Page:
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Tricky Track

  1. Aug 28, 2007 #1
    Three High Schools—Washington, Lincoln and Roosevelt— competed in a track meet. Each school entered one man, and one only, in each event. Susan, a student at Lincoln High, sat in the bleachers to cheer her boyfriend, the school's shot-put champion. When Susan returned home later in the day, her father asked how her school had done.

    "We won the shot-put all right," she said, "but Washington High won the track meet. They had a final score of 22. We finished with 9. So did Roosevelt High."
    "How were the events scored?" her father asked.
    "I don't remember exactly," Susan replied, "but there was a certain number of points for the winner of each event, a smaller number for second place and a still smaller number for third place. The numbers were the same for all events." (By "number" Susan of course meant a positive integer.)
    "How many events were there altogether?"
    "Gosh, I don't know, Dad. All I watched was the shot-put."
    "Was there a high jump?" asked Susan's brother.

    Susan nodded.

    "Who won it?"

    Susan didn't now. As incredible as it may seem, this last question can be answered with only the information given. Which school won the high jump?
     
  2. jcsd
  3. Aug 30, 2007 #2
    A possibility

    Hi Werg22,

    Washington High may have won the high jump event.

    If we consider this situation wherein there are 5 events such as the winner takes 5 points and the schools at 2nd and 3rd places take 2 and 1 points each respectively.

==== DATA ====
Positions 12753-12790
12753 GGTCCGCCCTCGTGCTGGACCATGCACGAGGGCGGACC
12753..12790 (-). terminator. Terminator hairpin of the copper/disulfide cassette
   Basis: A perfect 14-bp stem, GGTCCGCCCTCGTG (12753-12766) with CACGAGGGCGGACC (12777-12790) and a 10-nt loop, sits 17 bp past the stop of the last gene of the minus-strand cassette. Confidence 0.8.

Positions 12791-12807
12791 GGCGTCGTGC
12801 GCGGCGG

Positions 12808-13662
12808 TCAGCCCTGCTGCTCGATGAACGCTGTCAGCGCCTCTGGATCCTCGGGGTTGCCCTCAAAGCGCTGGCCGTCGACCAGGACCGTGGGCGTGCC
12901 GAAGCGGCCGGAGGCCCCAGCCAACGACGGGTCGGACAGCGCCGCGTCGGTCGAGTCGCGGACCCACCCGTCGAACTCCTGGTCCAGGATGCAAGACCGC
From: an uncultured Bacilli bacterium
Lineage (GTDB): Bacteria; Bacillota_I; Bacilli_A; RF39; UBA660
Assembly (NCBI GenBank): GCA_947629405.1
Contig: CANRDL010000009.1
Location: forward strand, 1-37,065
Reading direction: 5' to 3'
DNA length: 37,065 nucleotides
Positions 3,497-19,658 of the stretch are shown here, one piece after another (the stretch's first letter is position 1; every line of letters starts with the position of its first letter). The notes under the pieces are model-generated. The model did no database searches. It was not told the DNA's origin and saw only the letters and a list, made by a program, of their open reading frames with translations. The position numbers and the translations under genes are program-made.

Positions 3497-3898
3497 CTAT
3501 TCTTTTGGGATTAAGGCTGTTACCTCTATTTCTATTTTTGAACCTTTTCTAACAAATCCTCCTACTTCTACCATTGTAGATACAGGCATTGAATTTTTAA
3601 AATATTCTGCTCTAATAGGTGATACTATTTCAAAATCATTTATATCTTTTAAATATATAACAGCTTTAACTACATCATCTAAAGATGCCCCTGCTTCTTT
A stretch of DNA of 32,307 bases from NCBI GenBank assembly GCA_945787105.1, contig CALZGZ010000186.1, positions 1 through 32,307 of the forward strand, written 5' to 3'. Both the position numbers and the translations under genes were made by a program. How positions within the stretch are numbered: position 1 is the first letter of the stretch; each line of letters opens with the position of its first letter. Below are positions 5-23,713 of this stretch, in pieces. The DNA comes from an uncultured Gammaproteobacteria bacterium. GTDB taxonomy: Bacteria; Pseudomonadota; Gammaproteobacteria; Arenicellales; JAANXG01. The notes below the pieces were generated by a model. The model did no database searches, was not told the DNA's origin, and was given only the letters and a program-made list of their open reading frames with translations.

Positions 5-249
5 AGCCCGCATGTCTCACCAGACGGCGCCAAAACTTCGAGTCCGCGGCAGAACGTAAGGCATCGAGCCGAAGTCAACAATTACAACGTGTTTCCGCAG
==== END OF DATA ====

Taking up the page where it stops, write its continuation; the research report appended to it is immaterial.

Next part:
Schools
    Events Washington Lincoln Roosevelt
    Shotput 2 5 1
    HighJump 5 1 2
    etc 5 1 2
    etc 5 1 2
    etc 5 1 2

    Total 22 9 9
     
  4. Aug 30, 2007 #3
    >>>>>
    I assume that no school was disqualified in any of the events.

    • Lincoln High did not win
      In addition to the short-put, if LH had won the high-jump, then the restrictions on the scores would imply that they scored 4, 4 and 1. (1 in the track meet.) This also means that the team placed third in any event scored just 1 point, and more importantly, there were only three events. Given this, it is impossible for RH to have scored 9.

    • Neither did Roosevelt High
      If RH had won it, then both RH and LH have scored 9 points with at least one win.

      In this case, the maximum points that could have been awarded is from the range 3-8, but in any case, the scores for WH and/or RH wouldn't add up to what they are. There are just too many cases to type here, but I just know they don't add up :wink: (due to a combination of the restrictions on the possible scoring system and the number of events .)

    <<<<<
     
    Last edited: Aug 30, 2007
  5. Aug 30, 2007 #4
    What makes you assume there are only three events?
     
  6. Aug 30, 2007 #5
    Do you mean in the first case? >>>>4+4+1 = 9 Three events. In the first case, I assumed that LH had won the high-jump (therefore, LH won at least 2 events). If max. points = 3, then there were either 3 or 4 events. The case with 3 events is not possible, since that would mean LH won all events, which is not true. In the case with 4, the scores of WH cannot possibly add up to 22.
     
  7. Aug 30, 2007 #6
    All you are doing here is eliminating the distribution you have (4 - 4 - 1). Did you consider 3 - 3 - 1 - 1 - 1? Or 3 - 3 - 2 - 1?